Euthenasia: Yes or No? Parliament Must Take A Call on Euthanasia

By The New Indian Express,17th February 2016 06

(Note:  Doctor assiseted death or euthenasia is a very sensitive issue especially among the so-called religious and conservatives socities. A very strong argumeng brought against is that it will be misused both in the religious secular world by the very kith and kin of the terimally ill patients to get rid of them  fast either to grab the ancestral property or just to free themselves from the tiresome and expensive task of taking care of them. Misuse of a rule is a silly argument. Even the golden rule is broken or misused.  The real golden rule is: “A rule is made to be broken.” Moses came down from the moutain with the ten golden commandments and seeing people indulging in sex and idolatry of the golde calf dashed the tablets on their altar and became the first man to break all ten commandments at one stroke. I myself wrote a researched article: “Right to die is duty to serve”  The Malayam monthly ORA repeatedly asked for a Malyalam version of it which I made just to satisfy their pressing request and they published it in the september issue of 2006 but I can’t find the original English version. For me Euthenasia is equivalent to Jesus’s comand to lay down one’s James Kottorlife for one’s friends. Jesus’ death was just that, offering his life so that his disciples may go free to live. More later. Let there be a detailed discussion of it both in parliament and society to enlighten the blind lot who want to hang on to life at any cosgt. james kottoor, editor)

The Supreme Court has left it to Parliament to take a decision on whether to allow euthanasia. It cannot be faulted for taking this stand, although the Constitution grants law-making powers to the apex court through its interpretive powers. This is because euthanasia is a complicated issue involving a host of ethical questions for which clear answers are not available. Euthanasia or assisted suicide is liable to be misused and that itself is a powerful argument against permitting it. What the court grappled with was passive euthanasia under which a terminally ill patient could be denied medicines hastening his/her death. A few years ago, the court refused to allow euthanasia for a nurse who lived in a vegetative state for over three decades.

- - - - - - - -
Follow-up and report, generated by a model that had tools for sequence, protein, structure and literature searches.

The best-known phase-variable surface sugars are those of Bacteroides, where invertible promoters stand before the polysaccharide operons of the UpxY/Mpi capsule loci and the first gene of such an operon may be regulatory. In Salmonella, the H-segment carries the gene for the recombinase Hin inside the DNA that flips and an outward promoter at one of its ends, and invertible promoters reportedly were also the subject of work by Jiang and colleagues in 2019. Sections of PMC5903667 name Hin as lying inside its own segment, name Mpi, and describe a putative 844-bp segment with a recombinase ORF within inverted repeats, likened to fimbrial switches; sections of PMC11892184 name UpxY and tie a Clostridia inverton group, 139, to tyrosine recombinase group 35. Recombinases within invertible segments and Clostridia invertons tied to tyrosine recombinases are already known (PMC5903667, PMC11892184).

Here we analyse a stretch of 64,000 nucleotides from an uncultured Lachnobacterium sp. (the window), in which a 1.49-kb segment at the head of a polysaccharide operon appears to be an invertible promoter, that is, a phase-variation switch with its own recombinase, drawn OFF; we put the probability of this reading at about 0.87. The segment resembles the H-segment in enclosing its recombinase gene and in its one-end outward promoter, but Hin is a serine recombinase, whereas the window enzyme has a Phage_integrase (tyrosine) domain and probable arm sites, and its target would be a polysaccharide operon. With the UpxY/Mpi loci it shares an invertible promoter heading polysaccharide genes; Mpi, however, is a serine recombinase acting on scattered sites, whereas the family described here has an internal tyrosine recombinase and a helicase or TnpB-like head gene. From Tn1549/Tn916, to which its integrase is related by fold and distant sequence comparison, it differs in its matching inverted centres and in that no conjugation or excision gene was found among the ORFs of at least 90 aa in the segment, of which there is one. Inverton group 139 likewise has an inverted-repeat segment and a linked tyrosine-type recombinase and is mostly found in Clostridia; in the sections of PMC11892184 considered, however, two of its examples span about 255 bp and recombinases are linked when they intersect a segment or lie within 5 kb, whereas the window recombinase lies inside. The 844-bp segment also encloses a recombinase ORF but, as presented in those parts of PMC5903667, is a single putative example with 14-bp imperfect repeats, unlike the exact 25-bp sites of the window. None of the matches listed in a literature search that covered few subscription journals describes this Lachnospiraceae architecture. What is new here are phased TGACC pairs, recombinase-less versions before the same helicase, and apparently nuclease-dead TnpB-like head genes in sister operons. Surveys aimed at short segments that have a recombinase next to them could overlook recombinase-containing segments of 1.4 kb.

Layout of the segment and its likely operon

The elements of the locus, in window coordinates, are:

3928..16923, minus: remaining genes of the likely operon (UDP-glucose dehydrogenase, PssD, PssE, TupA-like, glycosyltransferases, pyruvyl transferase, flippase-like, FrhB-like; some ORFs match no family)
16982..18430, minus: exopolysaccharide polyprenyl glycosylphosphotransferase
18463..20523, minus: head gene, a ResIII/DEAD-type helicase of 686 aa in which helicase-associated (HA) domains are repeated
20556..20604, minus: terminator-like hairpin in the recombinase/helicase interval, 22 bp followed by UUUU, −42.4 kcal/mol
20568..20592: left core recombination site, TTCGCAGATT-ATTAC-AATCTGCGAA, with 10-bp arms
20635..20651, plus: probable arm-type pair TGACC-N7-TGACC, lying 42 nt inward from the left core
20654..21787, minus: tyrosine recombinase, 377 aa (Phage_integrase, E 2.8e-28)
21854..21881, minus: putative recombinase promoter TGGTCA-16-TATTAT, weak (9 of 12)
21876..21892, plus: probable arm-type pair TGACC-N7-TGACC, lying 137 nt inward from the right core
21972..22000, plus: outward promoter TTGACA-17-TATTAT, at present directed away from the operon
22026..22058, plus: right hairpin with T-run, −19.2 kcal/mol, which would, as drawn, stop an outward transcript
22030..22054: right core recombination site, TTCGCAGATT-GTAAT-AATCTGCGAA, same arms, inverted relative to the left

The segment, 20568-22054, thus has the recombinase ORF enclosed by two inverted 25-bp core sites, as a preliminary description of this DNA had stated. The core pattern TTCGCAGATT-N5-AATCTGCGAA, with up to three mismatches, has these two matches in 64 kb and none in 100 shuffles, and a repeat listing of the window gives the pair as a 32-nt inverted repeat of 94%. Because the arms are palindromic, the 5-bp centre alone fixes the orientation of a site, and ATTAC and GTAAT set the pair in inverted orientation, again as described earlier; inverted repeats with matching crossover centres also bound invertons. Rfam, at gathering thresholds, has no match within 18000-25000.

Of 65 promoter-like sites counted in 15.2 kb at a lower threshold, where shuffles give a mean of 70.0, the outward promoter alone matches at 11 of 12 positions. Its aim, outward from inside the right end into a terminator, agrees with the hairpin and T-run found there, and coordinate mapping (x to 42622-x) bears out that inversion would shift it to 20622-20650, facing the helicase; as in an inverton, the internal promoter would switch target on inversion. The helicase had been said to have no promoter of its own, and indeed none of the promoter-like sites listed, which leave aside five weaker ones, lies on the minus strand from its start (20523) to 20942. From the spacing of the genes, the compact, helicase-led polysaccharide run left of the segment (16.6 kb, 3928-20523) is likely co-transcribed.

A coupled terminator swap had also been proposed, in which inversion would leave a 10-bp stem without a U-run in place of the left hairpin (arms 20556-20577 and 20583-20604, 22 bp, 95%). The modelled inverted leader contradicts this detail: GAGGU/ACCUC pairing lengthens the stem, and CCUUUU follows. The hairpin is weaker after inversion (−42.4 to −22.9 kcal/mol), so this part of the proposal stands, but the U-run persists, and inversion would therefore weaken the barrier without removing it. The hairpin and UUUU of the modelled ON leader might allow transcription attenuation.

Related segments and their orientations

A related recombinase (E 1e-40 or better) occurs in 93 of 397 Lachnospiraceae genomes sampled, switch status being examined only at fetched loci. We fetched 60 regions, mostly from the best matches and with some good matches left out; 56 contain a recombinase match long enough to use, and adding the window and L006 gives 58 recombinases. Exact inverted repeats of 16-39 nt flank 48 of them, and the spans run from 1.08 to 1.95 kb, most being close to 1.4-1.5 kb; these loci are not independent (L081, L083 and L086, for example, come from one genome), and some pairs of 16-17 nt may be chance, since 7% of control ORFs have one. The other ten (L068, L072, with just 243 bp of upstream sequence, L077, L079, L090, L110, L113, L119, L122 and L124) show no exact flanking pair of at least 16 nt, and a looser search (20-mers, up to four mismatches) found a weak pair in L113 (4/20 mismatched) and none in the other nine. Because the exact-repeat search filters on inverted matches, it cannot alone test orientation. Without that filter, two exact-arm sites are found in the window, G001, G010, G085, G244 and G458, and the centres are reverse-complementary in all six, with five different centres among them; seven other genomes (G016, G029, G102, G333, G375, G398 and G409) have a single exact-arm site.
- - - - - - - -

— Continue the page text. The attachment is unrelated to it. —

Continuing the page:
In the case of the nurse, who was a victim of rape, she did not need any medication but only food to remain alive. Her colleagues at the Mumbai hospital were ready to look after her needs. That is not the case with Michael Schumacher who is being kept alive in the hope that he would come back to life, if not to motor racing. There may not be any law on passive euthanasia but it is practised in some way or other in different parts of the world. In a well-known case, an industrialist, who was on ventilator for many weeks and could have remained technically alive for months or years, was taken off the life-support system once the family realised the pointlessness of keeping him alive. True, the patient can be allowed to determine how long he should endure pain or hopelessness. However, this is easier said than done, as it raises many a question.

For instance, what guarantee is there that it would not be misused to kill those whose life makes others’ lives difficult? In a country where old parents are neglected, there is no guarantee that it would not be misused. Euthanasia may be welcome for those who suffer from interminable pain, but then who will decide when they should be administered the medicines of death? Will a doctor who is trained to save a life take someone’s life? All these questions need to be considered while drafting the law. Parliament has its task cut out.

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